> Btw: the Twizplay uses an EA DOGM128-6 LCD module which can be controlled via SPI and costs around 11 Euro (1 pc). There's a touch panel option for this display available, not sure about getting the touch input via SPI though.
> For the Samsung NX300, I thought that does 2-3 hours with active camera + display + wifi. But I'm not certain about that, just read some consumer tests because of the hacking possibilities :-)
> Am 17.06.2014 07:39, schrieb Mark Webb-Johnson:
>> What I'm wondering is how valuable it would be to have a device in the car capable of:
>> logging can bus traffic to SD card
>> logging can bus traffic remotely (over wifi, etc)
>> Issuing CAN bus requests remotely
>> Receiving firmware updates remotely
>> And, what if that device was OVMS itself?
>> I know that when I am developing for OVMS, I spend a tremendous amount of time switching between OVMS and a CAN bus logger. Also, removing OVMS to program it, and plugging it back in again. My lousy cellular reception at home doesn't help (although has probably helped OVMS deal with lousy cellular reception situations quite well). My ideal device would be in the car always. It would allow me to log all traffic (or selected traffic with an easy start/stop/trigger), and remotely download those logs. It would allow me to make a change to the firmware, remotely, and see the impact. The issue would be doing all that while keeping security high as well as power consumption and price low.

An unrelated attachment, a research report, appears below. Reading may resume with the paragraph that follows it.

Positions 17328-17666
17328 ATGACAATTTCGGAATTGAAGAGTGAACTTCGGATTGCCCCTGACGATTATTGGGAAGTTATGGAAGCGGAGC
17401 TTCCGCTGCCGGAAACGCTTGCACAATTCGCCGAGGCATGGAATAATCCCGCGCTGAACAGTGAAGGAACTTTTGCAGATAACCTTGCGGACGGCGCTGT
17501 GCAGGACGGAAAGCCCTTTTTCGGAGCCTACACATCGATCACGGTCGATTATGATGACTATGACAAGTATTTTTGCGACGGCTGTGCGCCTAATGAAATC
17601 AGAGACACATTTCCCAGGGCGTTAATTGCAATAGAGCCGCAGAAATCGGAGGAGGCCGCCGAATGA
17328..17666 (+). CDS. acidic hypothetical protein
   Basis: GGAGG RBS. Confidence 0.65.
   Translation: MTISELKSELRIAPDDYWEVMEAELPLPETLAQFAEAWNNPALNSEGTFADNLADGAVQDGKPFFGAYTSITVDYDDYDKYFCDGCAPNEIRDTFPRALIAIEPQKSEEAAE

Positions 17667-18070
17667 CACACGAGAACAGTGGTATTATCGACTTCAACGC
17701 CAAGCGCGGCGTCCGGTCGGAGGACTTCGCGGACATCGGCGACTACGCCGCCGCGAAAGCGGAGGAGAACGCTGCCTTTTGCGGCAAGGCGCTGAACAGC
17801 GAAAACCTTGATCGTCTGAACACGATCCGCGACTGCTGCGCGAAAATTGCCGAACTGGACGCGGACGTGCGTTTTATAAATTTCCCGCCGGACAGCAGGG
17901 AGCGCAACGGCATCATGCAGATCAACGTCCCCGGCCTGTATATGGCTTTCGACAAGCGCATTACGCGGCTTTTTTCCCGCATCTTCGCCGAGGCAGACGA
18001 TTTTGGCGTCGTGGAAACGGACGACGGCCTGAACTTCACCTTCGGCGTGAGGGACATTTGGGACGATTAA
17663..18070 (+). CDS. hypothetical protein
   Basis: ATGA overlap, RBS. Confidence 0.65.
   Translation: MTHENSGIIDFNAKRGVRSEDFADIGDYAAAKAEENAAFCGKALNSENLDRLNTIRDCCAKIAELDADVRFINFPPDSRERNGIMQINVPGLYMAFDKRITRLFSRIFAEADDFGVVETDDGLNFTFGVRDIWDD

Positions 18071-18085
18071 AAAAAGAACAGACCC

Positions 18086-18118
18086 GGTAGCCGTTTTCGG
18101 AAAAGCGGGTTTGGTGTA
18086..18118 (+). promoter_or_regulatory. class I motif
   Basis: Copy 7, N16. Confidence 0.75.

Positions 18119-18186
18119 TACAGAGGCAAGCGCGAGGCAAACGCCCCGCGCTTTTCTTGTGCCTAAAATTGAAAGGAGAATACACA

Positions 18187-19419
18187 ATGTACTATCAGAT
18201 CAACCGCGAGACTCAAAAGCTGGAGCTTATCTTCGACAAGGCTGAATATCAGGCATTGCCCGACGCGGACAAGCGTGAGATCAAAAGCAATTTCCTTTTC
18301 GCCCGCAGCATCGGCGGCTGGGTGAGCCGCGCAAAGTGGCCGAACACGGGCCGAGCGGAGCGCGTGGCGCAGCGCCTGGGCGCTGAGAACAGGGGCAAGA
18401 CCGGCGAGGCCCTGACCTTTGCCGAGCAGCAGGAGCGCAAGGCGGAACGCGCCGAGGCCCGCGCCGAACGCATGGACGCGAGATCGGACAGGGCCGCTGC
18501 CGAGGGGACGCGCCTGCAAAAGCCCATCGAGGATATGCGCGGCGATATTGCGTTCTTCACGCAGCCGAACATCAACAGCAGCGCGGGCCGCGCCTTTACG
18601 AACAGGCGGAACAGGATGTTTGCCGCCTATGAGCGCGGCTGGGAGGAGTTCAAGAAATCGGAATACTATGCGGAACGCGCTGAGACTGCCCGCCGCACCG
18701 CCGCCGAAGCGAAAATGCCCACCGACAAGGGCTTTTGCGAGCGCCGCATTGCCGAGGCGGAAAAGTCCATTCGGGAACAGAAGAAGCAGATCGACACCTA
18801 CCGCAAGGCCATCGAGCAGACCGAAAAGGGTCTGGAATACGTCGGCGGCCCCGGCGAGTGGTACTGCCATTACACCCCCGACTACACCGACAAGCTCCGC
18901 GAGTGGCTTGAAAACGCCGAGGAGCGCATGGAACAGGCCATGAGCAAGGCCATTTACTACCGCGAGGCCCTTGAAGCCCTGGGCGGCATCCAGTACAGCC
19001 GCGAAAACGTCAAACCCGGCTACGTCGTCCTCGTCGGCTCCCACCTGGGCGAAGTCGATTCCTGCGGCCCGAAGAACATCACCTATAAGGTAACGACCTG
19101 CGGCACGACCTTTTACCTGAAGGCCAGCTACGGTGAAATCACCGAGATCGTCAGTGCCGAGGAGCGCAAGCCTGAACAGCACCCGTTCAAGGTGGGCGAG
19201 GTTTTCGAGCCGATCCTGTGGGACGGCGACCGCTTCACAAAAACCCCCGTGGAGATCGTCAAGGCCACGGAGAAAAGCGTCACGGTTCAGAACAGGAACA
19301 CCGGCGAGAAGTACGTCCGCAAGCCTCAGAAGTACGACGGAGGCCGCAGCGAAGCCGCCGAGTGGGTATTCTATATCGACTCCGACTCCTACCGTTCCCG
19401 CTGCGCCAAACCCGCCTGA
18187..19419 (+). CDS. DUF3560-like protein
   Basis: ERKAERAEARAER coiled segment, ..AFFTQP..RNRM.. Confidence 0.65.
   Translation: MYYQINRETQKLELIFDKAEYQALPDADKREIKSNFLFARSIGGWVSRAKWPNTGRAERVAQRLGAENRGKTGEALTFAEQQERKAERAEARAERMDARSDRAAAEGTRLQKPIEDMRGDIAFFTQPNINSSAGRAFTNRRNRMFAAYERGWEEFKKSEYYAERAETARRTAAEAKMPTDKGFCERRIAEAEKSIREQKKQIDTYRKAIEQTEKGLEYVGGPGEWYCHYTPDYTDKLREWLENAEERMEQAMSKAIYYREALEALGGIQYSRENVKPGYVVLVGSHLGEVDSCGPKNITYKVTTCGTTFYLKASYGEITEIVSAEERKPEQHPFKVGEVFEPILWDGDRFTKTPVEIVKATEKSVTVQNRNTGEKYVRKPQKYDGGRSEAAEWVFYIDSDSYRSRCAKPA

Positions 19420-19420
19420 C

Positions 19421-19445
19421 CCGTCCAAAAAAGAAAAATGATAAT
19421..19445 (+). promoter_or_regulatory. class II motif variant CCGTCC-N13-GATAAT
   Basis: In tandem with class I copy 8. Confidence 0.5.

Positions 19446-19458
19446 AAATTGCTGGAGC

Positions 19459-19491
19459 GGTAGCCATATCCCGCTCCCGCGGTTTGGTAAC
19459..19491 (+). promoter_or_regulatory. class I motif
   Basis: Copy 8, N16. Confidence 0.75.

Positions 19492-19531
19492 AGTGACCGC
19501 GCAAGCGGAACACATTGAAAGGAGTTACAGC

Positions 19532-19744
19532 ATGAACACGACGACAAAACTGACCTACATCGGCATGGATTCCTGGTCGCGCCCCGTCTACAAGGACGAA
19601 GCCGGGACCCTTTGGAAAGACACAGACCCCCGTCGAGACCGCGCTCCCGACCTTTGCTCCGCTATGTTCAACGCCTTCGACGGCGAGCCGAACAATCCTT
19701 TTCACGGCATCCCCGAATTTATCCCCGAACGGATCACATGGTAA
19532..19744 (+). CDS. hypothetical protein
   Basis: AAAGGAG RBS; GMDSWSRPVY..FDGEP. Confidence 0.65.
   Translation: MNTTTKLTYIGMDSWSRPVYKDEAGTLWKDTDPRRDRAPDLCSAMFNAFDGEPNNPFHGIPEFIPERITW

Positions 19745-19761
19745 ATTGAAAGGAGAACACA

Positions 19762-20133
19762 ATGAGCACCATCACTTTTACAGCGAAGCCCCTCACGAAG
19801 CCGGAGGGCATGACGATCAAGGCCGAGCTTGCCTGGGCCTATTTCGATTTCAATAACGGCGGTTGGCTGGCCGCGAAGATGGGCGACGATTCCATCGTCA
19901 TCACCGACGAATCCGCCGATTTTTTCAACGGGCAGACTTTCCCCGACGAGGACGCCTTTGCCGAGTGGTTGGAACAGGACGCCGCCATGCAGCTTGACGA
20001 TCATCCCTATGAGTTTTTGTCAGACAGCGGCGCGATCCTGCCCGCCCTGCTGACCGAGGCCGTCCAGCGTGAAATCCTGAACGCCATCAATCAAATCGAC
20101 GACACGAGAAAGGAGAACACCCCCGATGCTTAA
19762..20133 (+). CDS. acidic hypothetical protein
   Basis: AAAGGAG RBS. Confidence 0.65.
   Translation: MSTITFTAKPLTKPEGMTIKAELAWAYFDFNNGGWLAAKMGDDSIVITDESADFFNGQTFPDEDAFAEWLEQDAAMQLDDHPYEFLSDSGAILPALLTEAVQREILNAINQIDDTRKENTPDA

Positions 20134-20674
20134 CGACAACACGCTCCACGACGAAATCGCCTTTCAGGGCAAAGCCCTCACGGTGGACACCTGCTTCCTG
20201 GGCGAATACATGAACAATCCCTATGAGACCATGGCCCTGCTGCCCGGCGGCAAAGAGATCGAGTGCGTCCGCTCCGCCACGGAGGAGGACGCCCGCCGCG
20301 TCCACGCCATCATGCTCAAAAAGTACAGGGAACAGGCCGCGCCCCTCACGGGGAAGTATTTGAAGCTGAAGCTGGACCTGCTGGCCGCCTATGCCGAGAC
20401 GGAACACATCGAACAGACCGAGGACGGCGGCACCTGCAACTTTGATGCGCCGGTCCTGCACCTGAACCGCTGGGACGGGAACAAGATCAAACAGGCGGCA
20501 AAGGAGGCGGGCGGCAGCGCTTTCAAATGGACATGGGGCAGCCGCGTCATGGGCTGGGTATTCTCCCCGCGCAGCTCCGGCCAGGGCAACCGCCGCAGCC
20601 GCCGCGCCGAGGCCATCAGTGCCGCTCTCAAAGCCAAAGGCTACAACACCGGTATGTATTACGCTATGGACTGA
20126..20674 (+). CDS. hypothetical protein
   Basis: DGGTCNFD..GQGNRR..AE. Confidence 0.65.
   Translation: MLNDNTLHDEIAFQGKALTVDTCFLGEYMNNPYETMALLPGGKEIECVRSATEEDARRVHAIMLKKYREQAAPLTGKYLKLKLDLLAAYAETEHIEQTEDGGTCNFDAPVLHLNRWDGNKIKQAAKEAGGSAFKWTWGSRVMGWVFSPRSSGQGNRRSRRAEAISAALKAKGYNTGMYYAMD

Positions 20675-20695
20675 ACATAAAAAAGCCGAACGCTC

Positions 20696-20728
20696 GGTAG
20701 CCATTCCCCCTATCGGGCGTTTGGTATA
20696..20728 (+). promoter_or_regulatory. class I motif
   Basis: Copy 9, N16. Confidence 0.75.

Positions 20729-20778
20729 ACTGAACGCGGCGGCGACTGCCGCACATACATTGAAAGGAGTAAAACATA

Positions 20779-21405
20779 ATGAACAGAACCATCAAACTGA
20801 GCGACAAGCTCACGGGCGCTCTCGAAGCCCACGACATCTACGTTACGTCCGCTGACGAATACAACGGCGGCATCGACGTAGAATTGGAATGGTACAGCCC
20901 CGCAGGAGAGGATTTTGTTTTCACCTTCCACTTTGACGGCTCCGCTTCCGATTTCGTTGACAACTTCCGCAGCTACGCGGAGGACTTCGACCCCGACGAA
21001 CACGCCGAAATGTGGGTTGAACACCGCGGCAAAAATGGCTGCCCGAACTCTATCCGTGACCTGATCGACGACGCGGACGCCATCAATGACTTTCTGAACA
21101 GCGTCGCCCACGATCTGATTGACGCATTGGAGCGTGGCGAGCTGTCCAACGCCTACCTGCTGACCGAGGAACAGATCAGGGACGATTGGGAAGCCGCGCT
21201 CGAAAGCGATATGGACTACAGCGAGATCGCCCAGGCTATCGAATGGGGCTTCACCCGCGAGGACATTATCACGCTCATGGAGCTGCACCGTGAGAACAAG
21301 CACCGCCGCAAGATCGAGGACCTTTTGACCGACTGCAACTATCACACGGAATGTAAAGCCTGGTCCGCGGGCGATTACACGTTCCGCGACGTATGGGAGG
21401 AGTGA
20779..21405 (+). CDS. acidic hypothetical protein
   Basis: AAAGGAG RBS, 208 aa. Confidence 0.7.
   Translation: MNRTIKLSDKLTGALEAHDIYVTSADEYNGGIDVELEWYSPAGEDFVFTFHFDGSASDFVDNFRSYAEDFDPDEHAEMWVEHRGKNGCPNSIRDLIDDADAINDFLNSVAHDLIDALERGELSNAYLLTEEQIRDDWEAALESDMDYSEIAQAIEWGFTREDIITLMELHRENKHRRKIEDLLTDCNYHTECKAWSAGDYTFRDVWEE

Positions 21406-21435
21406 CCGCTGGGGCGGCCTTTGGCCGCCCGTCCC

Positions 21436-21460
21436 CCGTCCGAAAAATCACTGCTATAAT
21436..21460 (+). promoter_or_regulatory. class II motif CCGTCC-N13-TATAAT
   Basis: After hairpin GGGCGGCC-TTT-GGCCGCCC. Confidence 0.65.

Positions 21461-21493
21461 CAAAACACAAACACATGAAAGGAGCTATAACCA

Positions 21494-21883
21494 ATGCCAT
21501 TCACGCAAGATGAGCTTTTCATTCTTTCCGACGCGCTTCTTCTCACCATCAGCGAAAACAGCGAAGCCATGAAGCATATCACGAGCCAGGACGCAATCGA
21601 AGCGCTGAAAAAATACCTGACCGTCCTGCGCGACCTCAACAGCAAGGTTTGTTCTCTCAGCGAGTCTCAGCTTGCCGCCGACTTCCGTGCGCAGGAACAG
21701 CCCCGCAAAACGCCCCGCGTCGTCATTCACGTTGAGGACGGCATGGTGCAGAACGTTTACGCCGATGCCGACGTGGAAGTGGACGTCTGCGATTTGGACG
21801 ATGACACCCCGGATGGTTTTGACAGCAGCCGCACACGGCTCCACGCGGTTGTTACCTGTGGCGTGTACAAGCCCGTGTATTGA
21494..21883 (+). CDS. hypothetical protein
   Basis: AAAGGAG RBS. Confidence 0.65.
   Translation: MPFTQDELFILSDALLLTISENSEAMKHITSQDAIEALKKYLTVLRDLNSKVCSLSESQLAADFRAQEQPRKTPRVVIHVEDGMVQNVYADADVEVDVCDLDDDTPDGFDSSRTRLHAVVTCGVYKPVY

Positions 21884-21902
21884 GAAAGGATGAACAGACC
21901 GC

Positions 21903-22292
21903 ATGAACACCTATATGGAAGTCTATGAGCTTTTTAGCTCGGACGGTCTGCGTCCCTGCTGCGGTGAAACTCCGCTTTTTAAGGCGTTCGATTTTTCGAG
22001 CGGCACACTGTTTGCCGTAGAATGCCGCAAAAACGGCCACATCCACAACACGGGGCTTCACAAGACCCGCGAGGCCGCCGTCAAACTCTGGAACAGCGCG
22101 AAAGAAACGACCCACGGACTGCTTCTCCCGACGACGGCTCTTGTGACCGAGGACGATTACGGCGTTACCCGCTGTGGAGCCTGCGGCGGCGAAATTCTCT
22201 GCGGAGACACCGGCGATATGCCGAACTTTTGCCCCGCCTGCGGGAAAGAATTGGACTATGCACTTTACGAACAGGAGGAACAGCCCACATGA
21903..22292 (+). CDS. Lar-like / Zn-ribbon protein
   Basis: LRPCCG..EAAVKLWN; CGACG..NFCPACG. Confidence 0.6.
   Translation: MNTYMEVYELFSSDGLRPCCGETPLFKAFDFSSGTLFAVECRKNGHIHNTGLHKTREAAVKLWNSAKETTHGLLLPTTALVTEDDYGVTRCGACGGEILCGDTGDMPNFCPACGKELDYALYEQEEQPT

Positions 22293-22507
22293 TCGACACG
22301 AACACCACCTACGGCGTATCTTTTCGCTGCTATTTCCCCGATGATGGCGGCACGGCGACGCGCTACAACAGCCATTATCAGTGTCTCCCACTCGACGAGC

>> Regarding the display, could this be bluetooth to an Android/iPhone? Or, do we need a physical display? With most of the device nowadays, adding a directly attached display is not too hard (and not too expensive) so long as it is on ribbon cable less than perhaps 6" away. But, if a remote display is required, that tends to drive up the price dramatically. It seems that the CPUs nowadays can directly control a display. But, if you want to run a remote display than you have to use UART (or something like that) and then run a separate CPU in the display itself.
>> Regards, Mark.
>> On 17 Jun, 2014, at 1:20 pm, Tom Saxton <tom at idleloop.com> wrote:
>>> I think it's incredibly valuable to keep the $100 price point.
>>> It seems to me that the hard part of adding support for other vehicles is
>>> figuring out the CAN bus codes. That's ideally done with hardware